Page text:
DE Bochum University of Applied Sciences 

This team came 3rd in the Cruiser class at WSC 2015. They are planning to return in 2017. They also entered three cars in the 2016 ESC, coming 3rd, 4th, and 5th. Their car will look like this. There have been signs of construction. They also participated in the Somabay Egyptian Solar Challenge in March. A car reveal is promised for 5 July.

US University of Michigan 

This team came 4th in the Challenger class at WSC 2015, and 1st in the 2016 American Solar Challenge. They are planning to return to WSC in 2017. Their new WSC car will be called Novum. Their team number (2) is a long-standing tradition. There have been signs of construction. A car reveal is promised for 7 July.

US University of Minnesota 

This team came 5th in the Cruiser class at WSC 2015, and 10th in the 2016 American Solar Challenge. They are planning to return to WSC in 2017. Their new WSC car will be called Eos II. Their team number (35) is a long-standing tradition. There have been signs of construction. A car reveal is promised for 11 July.

NL Nuon Solar Team 

This team came 1st in the Challenger class at WSC 2015. They are planning to return in 2017. They also raced in the 2016 Sasol Solar Challenge in South Africa, coming 1st. Their new WSC car will be called Nuna9. Their team number (3) is a long-standing tradition. There have been signs of construction. They also participated in the Somabay Egyptian Solar Challenge in March. A car reveal is promised for 25 July.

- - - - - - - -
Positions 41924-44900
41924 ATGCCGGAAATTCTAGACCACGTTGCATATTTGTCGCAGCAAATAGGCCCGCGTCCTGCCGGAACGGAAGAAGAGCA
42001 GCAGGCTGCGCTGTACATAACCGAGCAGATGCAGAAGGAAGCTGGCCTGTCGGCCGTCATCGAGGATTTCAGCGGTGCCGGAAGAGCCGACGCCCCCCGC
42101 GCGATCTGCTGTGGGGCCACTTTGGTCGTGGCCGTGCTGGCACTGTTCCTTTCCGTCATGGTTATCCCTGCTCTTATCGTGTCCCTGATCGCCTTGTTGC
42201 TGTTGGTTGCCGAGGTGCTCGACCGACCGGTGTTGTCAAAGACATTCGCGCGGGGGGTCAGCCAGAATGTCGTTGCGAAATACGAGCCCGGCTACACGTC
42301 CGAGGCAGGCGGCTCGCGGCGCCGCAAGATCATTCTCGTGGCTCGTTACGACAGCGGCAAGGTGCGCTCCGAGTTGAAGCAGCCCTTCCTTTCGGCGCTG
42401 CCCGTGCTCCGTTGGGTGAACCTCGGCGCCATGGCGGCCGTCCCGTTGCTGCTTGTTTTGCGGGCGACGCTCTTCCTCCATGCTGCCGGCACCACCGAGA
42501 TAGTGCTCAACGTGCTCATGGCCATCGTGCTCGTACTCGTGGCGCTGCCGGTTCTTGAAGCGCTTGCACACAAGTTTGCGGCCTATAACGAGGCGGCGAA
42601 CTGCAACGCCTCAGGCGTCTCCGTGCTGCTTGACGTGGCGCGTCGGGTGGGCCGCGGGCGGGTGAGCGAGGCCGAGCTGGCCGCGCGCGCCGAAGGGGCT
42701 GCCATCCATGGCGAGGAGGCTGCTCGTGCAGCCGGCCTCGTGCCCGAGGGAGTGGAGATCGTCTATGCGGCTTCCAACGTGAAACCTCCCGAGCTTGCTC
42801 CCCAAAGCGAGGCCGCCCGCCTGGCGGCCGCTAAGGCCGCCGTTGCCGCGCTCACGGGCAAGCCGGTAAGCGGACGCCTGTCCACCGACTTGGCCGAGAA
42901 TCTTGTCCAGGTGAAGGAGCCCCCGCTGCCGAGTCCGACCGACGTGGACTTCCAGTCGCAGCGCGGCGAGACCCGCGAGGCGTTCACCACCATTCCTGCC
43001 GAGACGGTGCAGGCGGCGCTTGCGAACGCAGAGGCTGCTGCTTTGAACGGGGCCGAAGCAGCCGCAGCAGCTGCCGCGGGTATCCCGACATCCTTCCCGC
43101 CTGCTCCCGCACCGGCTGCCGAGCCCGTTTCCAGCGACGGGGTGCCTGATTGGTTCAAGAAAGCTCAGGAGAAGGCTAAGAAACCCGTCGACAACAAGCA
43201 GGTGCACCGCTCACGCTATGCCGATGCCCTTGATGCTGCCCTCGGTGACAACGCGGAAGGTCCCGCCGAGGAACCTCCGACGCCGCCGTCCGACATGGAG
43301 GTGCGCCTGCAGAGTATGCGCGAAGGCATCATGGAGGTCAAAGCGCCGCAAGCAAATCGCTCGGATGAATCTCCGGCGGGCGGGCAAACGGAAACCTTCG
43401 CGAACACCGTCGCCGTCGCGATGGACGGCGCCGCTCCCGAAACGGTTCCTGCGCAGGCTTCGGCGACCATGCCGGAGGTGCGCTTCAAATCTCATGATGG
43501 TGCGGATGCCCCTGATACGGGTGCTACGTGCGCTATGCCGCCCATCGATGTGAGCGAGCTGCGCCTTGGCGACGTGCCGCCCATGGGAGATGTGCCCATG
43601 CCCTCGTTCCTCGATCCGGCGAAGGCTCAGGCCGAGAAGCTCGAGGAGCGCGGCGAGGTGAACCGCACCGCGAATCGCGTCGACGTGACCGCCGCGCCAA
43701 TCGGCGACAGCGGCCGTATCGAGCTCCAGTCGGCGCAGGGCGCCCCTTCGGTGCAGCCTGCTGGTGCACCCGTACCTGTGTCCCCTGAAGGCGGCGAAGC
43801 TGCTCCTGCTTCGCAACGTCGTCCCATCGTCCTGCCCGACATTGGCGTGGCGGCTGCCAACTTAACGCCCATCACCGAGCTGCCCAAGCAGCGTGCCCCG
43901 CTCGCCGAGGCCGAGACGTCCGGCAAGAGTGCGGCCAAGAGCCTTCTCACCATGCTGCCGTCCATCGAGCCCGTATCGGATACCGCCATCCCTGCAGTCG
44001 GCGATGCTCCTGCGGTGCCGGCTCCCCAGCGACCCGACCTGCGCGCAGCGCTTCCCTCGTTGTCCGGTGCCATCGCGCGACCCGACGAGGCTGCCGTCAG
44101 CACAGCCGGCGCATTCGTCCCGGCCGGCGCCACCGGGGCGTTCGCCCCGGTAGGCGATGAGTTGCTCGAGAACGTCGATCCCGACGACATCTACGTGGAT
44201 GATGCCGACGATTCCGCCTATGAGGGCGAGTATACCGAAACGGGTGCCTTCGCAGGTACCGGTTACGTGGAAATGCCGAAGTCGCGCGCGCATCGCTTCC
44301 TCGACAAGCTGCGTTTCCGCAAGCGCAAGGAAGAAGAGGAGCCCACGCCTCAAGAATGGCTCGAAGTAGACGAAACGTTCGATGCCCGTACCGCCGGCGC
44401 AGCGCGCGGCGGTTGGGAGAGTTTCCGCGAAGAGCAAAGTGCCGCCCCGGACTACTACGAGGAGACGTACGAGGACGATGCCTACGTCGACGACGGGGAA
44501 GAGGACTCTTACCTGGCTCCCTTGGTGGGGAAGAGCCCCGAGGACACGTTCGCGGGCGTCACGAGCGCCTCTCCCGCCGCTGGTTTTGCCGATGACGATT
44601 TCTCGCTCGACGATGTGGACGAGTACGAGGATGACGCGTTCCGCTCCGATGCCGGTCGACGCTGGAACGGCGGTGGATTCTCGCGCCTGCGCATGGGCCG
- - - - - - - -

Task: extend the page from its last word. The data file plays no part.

AU Australian National University 

This is a new team in the WSC Challenger class for 2017. They have a rather interesting design. A car reveal is promised for 2 August.


Australia is waiting for the World Solar Challenge teams

Australia is waiting for contestants in the 2017 World Solar Challenge, the premier world contest in sustainable vehicle technology. The average maximum October temperature in the town of Katherine, on the Stuart Highway, is 37.7°C. Road trains are a frequent hazard on the highway, and past races have had to deal with fire as well. Sometimes things go wrong with the car. But it’s still an absolutely fantastic experience!


World Solar Challenge: lighter and lighter

The chart above shows car weights (in kg) for the World Solar Challenge Challenger class, since 2001. In spite of the increasing safety standards and the shift from 3 wheels to 4, weights have trended steadily downwards, which says something about the strength-to-weight ratio of modern composite materials.


Which is the best World Solar Challenge team?

Recently, I saw that someone had asked on the Internet which the best team in the World Solar Challenge was.

For the WSC Challenger class, this is not a difficult question. Nuon Solar Team owns the race, and has won six times out of eight this century (although “uneasy lies the head that wears a crown”). The more interesting question is: who is second? There are four main contenders for that honour.

A few years ago, I would have placed Tokai University second. They won the race in 2009 and 2011. However, unless they can reverse the trend, their star seems to be falling.

Michigan are very definitely the best US team. However, they have pointed out themselves that they suffer “the curse of third,” and thus far lack the je ne sais quoi that it takes to win (of course, when they find it, Nuon had better watch out).

The star of Solar Team Twente is rising. They worked their way up to second place in 2015. They could win this year.

Finally, the Belgian team from KU Leuven is also moving up, and I expect them to do very well this year also.

In the WSC Cruiser class, “best” is a fuzzier concept. However, Eindhoven, Bochum, and UNSW/Sunswift have all done consistently well, with Eindhoven winning the last two races.